Here is a game design concept we’ve been talking about on the Keith Burgun Discord. I think it is useful for creating and honing the type of “strategic dance” we find in games like StarCraft. (See strategy triangle)
First, a definition:
“Axis of victory” – A spectrum along which player power or “position” is measured. Once a player achieves sufficient progress (a “critical mass”) along an axis relative to an opponent or the game state, they can convert or exploit that position into a victory. (Note that sometimes an overwhelming advantage along one axis will actually be converted into another to formalize the win. See: StarCraft, Magic the Gathering, examples later)
Why we care: Having multiple axes of victory can help create “strategy dance/pivoting” dynamics, obfuscate player positions and introduce hard-to-compare trade-offs.
The Strategy Dance: Players make moves that change their commitment and power along each axis (some moves also change how much an opponent knows about each). Each player tries to find a “window” in which their power along some axis is sufficient relative to their opponent or the game state to allow for a win.
In order to allow for the dance, designers should do two things:
- Carefully manage the relationship between “commitment” and “power”. If a move is powerful along one axis, it might be counterbalanced by the degree to which the player is locked into that choice. Both power and “commitment” (i.e how much this limits your ability to pivot to another axis later) exist on a spectrum. This might also be conceptualized as “strategic inertia”.
- Ensure an interconnections between the pursuit of different “axes of victory”. Moves might explicitly spend power on one axis to attain it in another, or gain a smaller amount of power along two (or more) axes in order to “hedge” or defer your decision. Vitally, it is important that players are incentivized to remain somewhat “open” to pursuing more than one axis. (In Civilization, players are specifically too incentivized to “focus” on just one, which can narrow the game into an optimization puzzle along that axis)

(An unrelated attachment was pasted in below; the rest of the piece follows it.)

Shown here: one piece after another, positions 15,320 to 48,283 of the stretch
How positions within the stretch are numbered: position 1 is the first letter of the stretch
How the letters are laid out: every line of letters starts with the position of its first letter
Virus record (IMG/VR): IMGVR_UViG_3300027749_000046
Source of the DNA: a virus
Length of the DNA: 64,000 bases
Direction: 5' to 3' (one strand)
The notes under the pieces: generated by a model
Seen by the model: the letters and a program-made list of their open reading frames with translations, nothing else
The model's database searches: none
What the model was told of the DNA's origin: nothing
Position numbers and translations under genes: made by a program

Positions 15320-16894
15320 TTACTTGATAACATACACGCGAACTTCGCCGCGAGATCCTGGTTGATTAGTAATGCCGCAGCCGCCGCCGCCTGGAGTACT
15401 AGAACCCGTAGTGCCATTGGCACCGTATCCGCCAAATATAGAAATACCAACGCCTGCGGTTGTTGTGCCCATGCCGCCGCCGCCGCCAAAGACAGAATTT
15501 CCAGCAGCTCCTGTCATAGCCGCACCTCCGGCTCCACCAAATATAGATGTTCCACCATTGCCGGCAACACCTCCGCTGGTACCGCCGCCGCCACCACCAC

Examples of games with multiple clear axes of victory:
- Puzzle Strike/StarCraft: Econ, Army, Tech (defense is more of a situational response to an opponents advantage in army)
- Dragon Bridge: Push, Escape, Items, White Gems
- Magic: The Gathering/Spectromancer: Card Advantage, Board Advantage, Reduce Opponent’s Life to Zero
- Pax Pamir: Faction Dominance + Loyalty to that Faction (3 different axes), No Faction Dominance + Have the Most Supporters
- Race for the Galaxy: Produce-Consume Engine, 6 Cost Developments, High “Point” Tableau
- Air, Land and Sea/Crimson Company: Each of the three lanes
Formal vs. Emergent Axes of Victory
As a game is explored/studied/designed, axes of victory that are not strictly defined by the formal goals of the game may emerge. For example, having a better economy and being able to defend it in StarCraft allows you to get a bigger army than your opponent *later* which in turn will allow you to destroy your opponents buildings (the formal win condition). These can become more and more nuanced and particular as the game is explored. For example, maybe having a “critical mass” of Corsairs and Dark Templar allows you to exploit a weakness along the “detection” axis. Or in a card game perhaps the combination of card X and Y are strong enough to effectively ensure a win. We can refer to progress towards the critical mass or towards playing card X and Y at the same time an “emergent axis of victory”.
Adding formal win conditions/goals can (but doesn’t necessarily) have the effect of increasing the number emergent “axes of victory” in a game. It may be the case that some of the formal win conditions are impractical to reach, or subsumed within the pursuit of another, easier win condition.
Conversely, a game with only one formal win condition may have multiple emergent axes of victory (i.e StarCraft, Race for the Galaxy).
Finally, in the case of a game like Race For the Galaxy, advantages along multiple axes are combined at the end into a score, allowing for “mixed” strategies. This is sometimes referred to as a”point salad” approach. However, in some cases this can end up feeling less like a dance between multiple axes of victory and more like an optimization puzzle along a single axis. (This is similar to what happens in Civilization when you “lock in” the axis you will focus on to a certain extent early on).